Unfortunately, there aren’t any of the zigbee devices that can give you a virtual three-way if you are only using echo as the hub.
There are some Wi-Fi switches that work with echo and can do a virtual three-way, I just don’t know if they can do it when Internet is out. ( you set up the three-way through the switch’s own app, not through echo.)
I know Leviton just had a new zigbee dimmer certified on February but it has yet to be made available for sale. I found it on the Zigbee website and when I called Leviton they confirmed it is coming very soon. Not a lot of details but I am hoping it can also do 3-way.
Are you saying Virtual 3-Way has to be managed by the hub or do the devices pair with each other?
First rule of home automation: “the model number matters.“ There are some models where the virtual three-way is handled through the hub. There are other models where The two devices can be paired directly to each other without the hub. So it really just depends on exactly what devices you have.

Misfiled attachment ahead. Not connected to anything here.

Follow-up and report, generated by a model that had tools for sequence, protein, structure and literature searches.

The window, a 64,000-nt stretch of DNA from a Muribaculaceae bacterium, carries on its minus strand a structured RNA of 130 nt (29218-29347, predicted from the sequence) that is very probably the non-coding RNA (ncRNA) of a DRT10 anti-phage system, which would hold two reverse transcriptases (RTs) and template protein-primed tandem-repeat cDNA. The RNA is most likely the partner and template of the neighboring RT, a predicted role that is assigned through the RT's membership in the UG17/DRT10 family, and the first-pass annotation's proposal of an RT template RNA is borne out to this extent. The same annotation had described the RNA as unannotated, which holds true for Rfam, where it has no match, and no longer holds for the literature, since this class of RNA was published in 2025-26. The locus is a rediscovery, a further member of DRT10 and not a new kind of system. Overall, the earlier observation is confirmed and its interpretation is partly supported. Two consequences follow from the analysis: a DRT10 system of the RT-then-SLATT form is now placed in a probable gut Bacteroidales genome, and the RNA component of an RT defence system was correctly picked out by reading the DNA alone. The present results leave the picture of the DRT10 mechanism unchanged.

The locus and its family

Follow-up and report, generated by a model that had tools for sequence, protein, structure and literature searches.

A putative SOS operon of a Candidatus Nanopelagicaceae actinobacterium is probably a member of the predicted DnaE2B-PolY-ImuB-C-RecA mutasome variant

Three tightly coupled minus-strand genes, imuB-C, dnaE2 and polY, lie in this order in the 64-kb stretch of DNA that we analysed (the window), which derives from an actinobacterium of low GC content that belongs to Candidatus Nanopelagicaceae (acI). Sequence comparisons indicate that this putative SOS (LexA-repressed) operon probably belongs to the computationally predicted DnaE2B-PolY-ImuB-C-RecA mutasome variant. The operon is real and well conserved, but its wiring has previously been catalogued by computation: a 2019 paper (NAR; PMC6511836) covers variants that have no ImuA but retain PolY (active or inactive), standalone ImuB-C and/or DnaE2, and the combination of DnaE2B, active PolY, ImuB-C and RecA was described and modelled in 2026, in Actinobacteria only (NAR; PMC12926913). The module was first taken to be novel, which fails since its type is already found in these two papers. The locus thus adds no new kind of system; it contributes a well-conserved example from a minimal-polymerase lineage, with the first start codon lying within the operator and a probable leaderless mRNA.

Also, up until now all Leviton smart switches have used essentially the same wiring methods and do require a physical traveler wire between the master switch and the auxiliary. With some hubs, such as smartthings, you can create a virtual three-way between two Leviton masters on two different circuit branches, but that’s where it depends on the exact models involved.
Here’s their most recent switch, which is Wi-Fi, and you can see the wiring diagrams to the accessory switch do require a physical traveler wire.
I don’t know if the new Leviton zigbee switch will require a traveler wire or not, I haven’t seen the specs on it.
The issue is that at present, the echo plus cannot set up a switch that is triggered by another switch when no other hub is involved. That may certainly be a feature that Amazon adds in the future, but it’s not there now.
If the Leviton zigbee switch is physically the same as the Leviton Z wave switch, just with a different radio module inside (which is what they have done up until now for most of their models), then it will require a physical traveler wire To use its own accessory switch, so no virtual three-way that way. That means you are dependent on the hub, which means you need something more than just an echo plus. At present.